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On the Plantation

Joel Chandler Harris

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Book Excerpt: 
. . . you fer ter keep yo’ two eyes on ‘im, an’ when he say come, you come, an’ when he say go, you go.’ I’low, ‘’hey, big nigger man! what de matter?’ an’ he ‘spon’ back, ‘I done tole you, an’ I ain’t gwine tell you no mo’. So dar you got it, Marse Joe, an’ dat de way it stan’s.”

And so it happened that, humble as these negroes were, they had it in their power to smooth many a rough place in Joe Maxwell’s life. The negro women looked after him with almost motherly care, and pursued him with kindness, while the men were always ready to contribute to his pleasure.







CHAPTER III—TRACKING A RUNAWAY

One Sunday morning, not long after Joe’s adventur. . . Read More

Community Reviews

Okay I know, before I even start this that there are already a TON of people who are morally opposed to this book on the grounds that it is racially derrogatory. I happen to disagree. As a child of the south, I grew up hearing all the Brer Rabbit and Brer Fox stories and they have not damaged me or

I read this for my grad-level folklore class, so my approach to the book was predominantly critical. However, I was surprised by the intricacy of the tales and genuinely enjoyed many of them. Brer Rabbit is an authentic Afro-American figure, evolved from the the trickster hare character of African f

As Uncle Remus says about his brand of syrup, "Dis sho' am good."
Joel Chandler Harris' Uncle Remus: His Songs and Sayings is a fascinating read that splits opinions like no other. On the one hand you have people saying things like:

“As the racial stereotypes of the nineteenth century are inappropri

Interesting read

I’ve wanted to pick this up for some time, I’m glad I finally did. The book took some getting used to as the dialect is difficult to read straight from the page. I found myself whisper reading to make sense of what was on the page. Unfortunately I feel like I missed some of the tales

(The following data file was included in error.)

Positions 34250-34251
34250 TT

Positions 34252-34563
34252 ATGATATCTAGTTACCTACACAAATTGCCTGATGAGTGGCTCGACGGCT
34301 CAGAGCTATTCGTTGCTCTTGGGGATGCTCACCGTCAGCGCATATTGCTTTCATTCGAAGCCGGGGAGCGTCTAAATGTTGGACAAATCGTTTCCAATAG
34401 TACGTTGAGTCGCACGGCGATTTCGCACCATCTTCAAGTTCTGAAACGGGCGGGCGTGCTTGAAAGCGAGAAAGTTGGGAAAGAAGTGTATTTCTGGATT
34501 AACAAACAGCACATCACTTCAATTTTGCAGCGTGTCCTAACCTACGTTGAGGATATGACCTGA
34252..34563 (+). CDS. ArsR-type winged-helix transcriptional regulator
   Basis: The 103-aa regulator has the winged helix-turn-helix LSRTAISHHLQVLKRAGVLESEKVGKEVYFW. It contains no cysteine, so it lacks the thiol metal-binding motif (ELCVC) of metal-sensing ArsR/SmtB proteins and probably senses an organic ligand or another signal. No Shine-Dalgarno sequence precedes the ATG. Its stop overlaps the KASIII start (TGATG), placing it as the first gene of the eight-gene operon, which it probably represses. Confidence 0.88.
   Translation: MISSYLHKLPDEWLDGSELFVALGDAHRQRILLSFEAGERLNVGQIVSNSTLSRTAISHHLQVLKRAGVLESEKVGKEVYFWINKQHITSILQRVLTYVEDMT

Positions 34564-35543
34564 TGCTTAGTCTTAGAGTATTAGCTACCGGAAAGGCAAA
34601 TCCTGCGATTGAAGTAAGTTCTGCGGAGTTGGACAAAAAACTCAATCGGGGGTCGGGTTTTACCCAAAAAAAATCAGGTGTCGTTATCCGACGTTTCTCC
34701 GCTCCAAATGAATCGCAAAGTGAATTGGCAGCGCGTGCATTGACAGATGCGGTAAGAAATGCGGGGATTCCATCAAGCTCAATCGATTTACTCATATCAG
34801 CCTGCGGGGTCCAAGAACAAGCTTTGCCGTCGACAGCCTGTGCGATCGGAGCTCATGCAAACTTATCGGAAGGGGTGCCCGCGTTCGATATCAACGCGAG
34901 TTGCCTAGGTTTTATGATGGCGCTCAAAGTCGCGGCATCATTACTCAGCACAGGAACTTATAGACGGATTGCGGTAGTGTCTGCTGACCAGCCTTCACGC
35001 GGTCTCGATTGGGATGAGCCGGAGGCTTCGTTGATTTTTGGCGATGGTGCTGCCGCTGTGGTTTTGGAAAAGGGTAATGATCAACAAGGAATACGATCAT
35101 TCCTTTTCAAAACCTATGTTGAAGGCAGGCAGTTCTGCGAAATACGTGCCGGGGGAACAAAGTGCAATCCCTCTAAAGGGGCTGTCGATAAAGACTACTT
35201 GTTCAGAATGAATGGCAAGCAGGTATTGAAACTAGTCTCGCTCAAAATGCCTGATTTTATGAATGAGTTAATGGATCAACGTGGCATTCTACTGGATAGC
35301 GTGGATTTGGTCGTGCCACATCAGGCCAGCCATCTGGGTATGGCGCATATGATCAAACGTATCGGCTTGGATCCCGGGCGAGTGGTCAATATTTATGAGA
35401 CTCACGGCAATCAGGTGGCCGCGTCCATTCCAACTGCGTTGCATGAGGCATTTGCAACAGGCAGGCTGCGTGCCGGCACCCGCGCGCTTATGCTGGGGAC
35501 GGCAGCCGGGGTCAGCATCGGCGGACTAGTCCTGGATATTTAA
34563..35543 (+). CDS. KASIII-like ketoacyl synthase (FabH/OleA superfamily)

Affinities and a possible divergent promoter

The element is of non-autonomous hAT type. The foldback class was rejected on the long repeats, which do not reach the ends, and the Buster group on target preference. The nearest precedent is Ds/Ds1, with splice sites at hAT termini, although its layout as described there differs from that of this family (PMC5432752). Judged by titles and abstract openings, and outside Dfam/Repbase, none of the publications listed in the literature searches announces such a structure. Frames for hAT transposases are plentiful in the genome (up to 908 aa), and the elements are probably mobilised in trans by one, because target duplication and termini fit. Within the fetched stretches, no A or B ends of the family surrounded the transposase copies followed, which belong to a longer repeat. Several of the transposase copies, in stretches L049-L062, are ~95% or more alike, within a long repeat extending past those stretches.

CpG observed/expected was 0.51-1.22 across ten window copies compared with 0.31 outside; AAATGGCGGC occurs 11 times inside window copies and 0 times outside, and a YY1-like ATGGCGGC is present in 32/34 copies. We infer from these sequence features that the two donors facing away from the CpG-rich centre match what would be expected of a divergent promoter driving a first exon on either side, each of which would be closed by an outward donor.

If you can get past the politically incorrect language, there is a lot of wisdom in these simple stories.

This is a charming collection of stories of talking animals especially Brer Rabbit and Brer Fox that get into various scrapes, similar to Aesop's Fables, told by old Uncle Remus to a little boy long ago - in the "mythical" South. The illustrations are great! This is the book for anyone who's ever wo

I loved this book and although I've seen portions of the movie here in the states I don't think I've ever seen the whole thing and last I heard never will. Its sad if you ask me because it depends on what you choose to focus on and if you focus on the fact it places slavery in a good light which I'v

I had read a few of the Brer Rabbit stories as a kid; this collection included not just the Brer Animal stories, but also all of the (even more) terribly offensive Uncle Tom stories of Uncle Remus. I have an affection for the Brer stories, and also see some value in their place as American 'Aesop's

ვიფიქრე,დღეს რომელიმე კეთილ წიგნს წავიკითხავ-მეთქი :დ ავარჩიე ბიძია რემუსის ზღაპრები, ჰოდა, კომბლეზე რა გითხრათ,მაგრამ ამ ზღაპრებმა იმედები გამიცრუა :| არანაირი სიკეთე ;დ მხოლოდ და მხოლოდ ტყუილი,ცბიერება,ძალადობა,გამორჩენის მცდელობა და ა.შ. და ა.შ. ;დ მოკლედ მაპატიე,ჯოელ ჰარის ,მაგრამ იმდენი კეთილი

I was curious to read this, particularly in light of Alice Walker's assertion that these stories made her ashamed to be black. I get it, but the stories, songs & sayings are interesting from the perspective of a certain time & place & viewpoint; I think the author meant well.

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